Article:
Is Risqué Worth the Risk?

For some real estate agents, racy photo shoots have paid off with thousands—even millions, in some cases—of online views of their listings. But for others, salacious listings have backfired and forced them to publicly apologize.

LJ Hooker, an Australian real estate firm, captured international headlines in April after releasing a promotional video of one of its listings, which featured professional dancers performing sexy choreography throughout the property tour. The video, which critics called “a disgrace to the industry,” “off the rails,” and “raunchy,” has drawn more than 1.6 million views on YouTube. LJ Hooker released a statement over the controversy, saying the company “missed the mark” with the video. “We understand that our recent video circulated on social media promoting one of our listings may have been taken out of context by some, and for this, we apologize,” the statement read.

But then came a 23-year-old buyer who, after watching the video online, offered $1.7 million in U.S. currency to buy the home. Sam Nader, the listing agent, told media outlets that the sale price was higher than he originally hoped.

So does the advertising mantra “sex sells” really work? An analysis of 80 advertising studies published over more than three decades suggests that while ads with sex appeal are more memorable, they don’t always translate to more sales. “We found that people remember ads with sex appeal more than those without, but that effect doesn’t extend to the brands or products that are featured in the ads,” notes University of Illinois advertising professor John Wirtz, the lead author of the research. The findings were highlighted in a 2017 paper published in the International Journal of Advertising. In other words, risqué ads themselves are memorable but don’t necessarily inspire greater consumer loyalty to the brand.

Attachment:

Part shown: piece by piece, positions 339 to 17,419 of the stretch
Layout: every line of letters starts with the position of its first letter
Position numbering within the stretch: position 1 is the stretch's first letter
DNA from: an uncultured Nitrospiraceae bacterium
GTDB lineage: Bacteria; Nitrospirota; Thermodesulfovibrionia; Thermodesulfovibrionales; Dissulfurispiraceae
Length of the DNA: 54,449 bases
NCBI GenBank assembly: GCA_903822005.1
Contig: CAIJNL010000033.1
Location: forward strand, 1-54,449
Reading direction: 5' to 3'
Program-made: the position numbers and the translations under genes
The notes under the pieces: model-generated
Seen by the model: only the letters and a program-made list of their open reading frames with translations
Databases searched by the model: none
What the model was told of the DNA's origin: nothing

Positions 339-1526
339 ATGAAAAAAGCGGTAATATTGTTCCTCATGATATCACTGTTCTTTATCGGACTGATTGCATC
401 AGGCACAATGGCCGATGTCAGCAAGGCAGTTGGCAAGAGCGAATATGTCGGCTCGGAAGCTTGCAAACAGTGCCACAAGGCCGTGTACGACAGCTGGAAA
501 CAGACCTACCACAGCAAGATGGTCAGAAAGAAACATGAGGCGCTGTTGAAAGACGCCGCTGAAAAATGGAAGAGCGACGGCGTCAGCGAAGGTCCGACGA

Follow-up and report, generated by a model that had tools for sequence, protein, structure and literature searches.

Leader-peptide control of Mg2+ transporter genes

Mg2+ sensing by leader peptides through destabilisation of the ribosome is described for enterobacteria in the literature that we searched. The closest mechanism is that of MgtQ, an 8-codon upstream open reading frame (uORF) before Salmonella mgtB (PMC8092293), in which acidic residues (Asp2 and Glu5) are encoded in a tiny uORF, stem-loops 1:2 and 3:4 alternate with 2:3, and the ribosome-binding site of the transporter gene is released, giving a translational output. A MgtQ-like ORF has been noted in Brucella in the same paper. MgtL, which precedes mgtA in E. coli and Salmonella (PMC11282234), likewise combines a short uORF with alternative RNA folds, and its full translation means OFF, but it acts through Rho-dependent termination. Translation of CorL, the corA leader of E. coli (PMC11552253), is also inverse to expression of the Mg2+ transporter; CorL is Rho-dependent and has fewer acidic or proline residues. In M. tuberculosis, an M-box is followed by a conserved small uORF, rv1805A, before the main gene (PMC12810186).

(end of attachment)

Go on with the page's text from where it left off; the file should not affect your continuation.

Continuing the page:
Nevertheless, listing photos meant to shock or surprise are popping up more regularly. Some listings have centered more on the silly than the sexy. For example, several agents have dressed in costume—including inflatable dinosaurs, unicorns, and pandas—to model a home for listing photos. Gyldenege wonders why such listings are appropriate compared to hers. “I figured if you can put a dinosaur costume on and that’s going to go viral, why can’t I put attractive people in mine?” she says. “I can’t visualize myself in a house in a dinosaur costume. So, I used real people in real-life situations in my photos. I wanted [buyers] to envision themselves in the home.”

Gyldenege says that despite the backlash to her listing—which she said mostly came from within the real estate industry—she doesn’t regret her marketing angle. She says she thought the photos would drum up interest among twenty- and thirty-something first-time home buyers. The listing attracted several offers on the home, even though they were slightly lower than the $220,000 asking price. Gyldenege says the seller ultimately decided to take the home off the market after a change in personal circumstances.

“Absolutely, the publicity was worth it, and I have no regrets at all,” Gyldenege says. “My ultimate goal is, of course, to sell the house. But prior to that, my goal is to get that house in front of as many people as possible. After I uploaded the photos, the traffic for showings increased exponentially—from none to 30. I hit my goal.”